Sign up for our daily Newsletter and stay up to date with all the latest news!

Subscribe I am already a subscriber

You are using software which is blocking our advertisements (adblocker).

As we provide the news for free, we are relying on revenues from our banners. So please disable your adblocker and reload the page to continue using this site.

Click here for a guide on disabling your adblocker.

Sign up for our daily Newsletter and stay up to date with all the latest news!

Subscribe I am already a subscriber
Hans Liekens, Sekoya:

"France and Belgium still uncharted territory for Sekoya berries"

With a selection of five blueberry varieties, the Sekoya® program now spans global cultivation in 18 countries across 10,000 hectares in both zero- and low-chill as well as mid- and high-chill environments. "We are eager to introduce a new variety in the late low chill segment for cultivation in areas including northern Morocco and Huelva for this time of year. This will ensure we have Sekoya berries of consistent quality available 52 weeks a year. Next week, we're going to review the selections, and the latest introduction won't be far behind," says Value Chain & Retail Manager Hans Liekens.

Hans Liekens and Anja Grueterich from Sekoya.

The demand for consistent quality is significant, according to the Belgian, who previously worked for Hessing and Chiquita. "Just last week, I bought a pack of Spanish blueberries at the supermarket. They cost a fair amount of money, but I had to throw half of them away. In my view, that's unacceptable in 2024. There's plenty of quality fruit available to satisfy consumer demand. The market could grow much faster if we all supplied consistently high-quality fruit." Supermarkets are increasingly recognizing this, according to the Value Chain and Retail Manager. "Following the UK's lead, more and more European supermarkets are working with positive and negative lists of varieties they want to sell or avoid. This is going to have a significant impact on the market."

The Spanish and Moroccan seasons have gone well, according to Hans. "In Spain, besides cultivation in Huelva, we're seeing more and more Sekoya berries being planted in other regions such as Valencia and La Mancha. The cooler nights there are actually ideal for blueberries, shifting the harvest period so that the seasons align more seamlessly. Previously, we had more peaks in supply and a quieter period after the Spanish season, but now we can transition smoothly to Serbian berries. In Morocco too, we saw many satisfied faces and the growers had excellent quality fruit this season."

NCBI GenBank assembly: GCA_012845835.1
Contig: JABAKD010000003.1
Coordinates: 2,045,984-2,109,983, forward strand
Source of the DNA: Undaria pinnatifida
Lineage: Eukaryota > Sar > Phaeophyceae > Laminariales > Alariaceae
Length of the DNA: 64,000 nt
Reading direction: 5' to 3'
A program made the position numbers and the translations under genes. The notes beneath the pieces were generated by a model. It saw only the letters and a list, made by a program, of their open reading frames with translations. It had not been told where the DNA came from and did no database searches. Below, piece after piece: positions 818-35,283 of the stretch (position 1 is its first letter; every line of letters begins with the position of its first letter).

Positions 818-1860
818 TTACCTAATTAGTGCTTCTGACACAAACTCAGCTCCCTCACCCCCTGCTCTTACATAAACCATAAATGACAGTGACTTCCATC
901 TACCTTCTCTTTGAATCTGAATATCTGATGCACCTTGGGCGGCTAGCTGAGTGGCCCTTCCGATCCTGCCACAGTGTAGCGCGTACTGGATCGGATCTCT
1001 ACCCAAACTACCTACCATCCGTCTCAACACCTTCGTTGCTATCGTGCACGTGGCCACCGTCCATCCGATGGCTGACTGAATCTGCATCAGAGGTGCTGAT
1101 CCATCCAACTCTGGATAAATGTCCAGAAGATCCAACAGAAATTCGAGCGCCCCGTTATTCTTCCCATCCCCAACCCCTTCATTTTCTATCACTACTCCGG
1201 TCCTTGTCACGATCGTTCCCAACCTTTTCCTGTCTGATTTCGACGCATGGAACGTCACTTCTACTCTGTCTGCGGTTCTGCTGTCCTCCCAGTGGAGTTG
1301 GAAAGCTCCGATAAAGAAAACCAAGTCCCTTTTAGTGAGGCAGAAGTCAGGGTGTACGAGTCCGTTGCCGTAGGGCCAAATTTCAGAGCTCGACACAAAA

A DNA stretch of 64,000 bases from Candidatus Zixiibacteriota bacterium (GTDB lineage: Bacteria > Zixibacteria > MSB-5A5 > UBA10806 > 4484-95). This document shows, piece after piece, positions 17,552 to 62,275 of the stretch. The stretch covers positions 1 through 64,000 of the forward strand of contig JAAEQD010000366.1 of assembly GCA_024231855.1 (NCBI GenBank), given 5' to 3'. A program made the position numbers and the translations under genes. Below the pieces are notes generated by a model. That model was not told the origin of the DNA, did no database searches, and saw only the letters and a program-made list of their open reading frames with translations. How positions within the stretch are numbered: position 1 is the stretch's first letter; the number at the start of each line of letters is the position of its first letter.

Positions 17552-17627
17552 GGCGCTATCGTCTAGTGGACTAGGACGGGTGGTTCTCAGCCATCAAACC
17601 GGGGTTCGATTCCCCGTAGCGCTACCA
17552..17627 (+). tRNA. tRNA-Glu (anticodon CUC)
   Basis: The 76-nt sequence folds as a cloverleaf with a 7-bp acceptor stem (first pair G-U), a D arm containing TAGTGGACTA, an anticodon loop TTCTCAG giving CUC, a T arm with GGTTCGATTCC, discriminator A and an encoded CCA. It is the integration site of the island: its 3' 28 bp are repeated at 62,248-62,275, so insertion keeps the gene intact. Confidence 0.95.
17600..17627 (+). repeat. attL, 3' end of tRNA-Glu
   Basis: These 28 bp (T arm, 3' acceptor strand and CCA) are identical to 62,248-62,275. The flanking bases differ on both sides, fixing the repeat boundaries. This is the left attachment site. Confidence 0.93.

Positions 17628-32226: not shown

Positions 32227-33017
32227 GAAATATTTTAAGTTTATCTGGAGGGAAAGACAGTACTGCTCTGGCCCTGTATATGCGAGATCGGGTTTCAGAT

With varieties like Sekoya Crunch, Grande, and Fiesta, Sekoya is gearing up for the high chill season, which roughly runs from early July to September. "This essentially includes all berries north of Paris, from the Netherlands to the United Kingdom, Ukraine, and Romania, and even in Chile, these high chill varieties are cultivated. Especially for cultivation in France and his home country, Belgium, Sekoya is still looking for growers to join the variety program. "I was almost tempted to start growing them myself, but it seems like an untapped opportunity to cultivate high-quality blueberries. Our varieties were developed in Oregon, where the climate is similar to France and Belgium. You don't even need to test the varieties. The whole thing is a no-brainer. The consumers are there, now we just need the growers," Hans explains.

Robust Varieties
"Besides the benefits of firmness, large size, flavor, appearance, and shelf life of the Sekoya berries, they also prove to be more robust against extreme weather conditions, whether it's drought or rain. Our Peruvian growers reported that despite challenges with El Niño, they suffered about 30% damage, whereas the damage to older varieties exceeded 50%. Also, in South Africa's Cape region, the Sekoya Pop variety withstood the heavy rains much better last season," Hans shares. "This highlights the urgent need for the introduction of new varieties. As for the high chill cultivation areas, the need for variety replacement is even more pressing. More and more supermarkets are putting old varieties on their negative list for being too soft and prone to rotting or molding, and thus, are no longer welcome in supermarkets."

"We are working hard on category management to further categorize the applications of blueberries. Think of separate categories for breakfast, snacking, and the organic assortment. They have managed this much better with products like tomatoes, carrots, and potatoes. We have a lot of work to do to help consumers choose the right berry for the right eating moment!"

For more information:
Hans Liekens
Tel: +32 477 531 529
[email protected]

Publication date: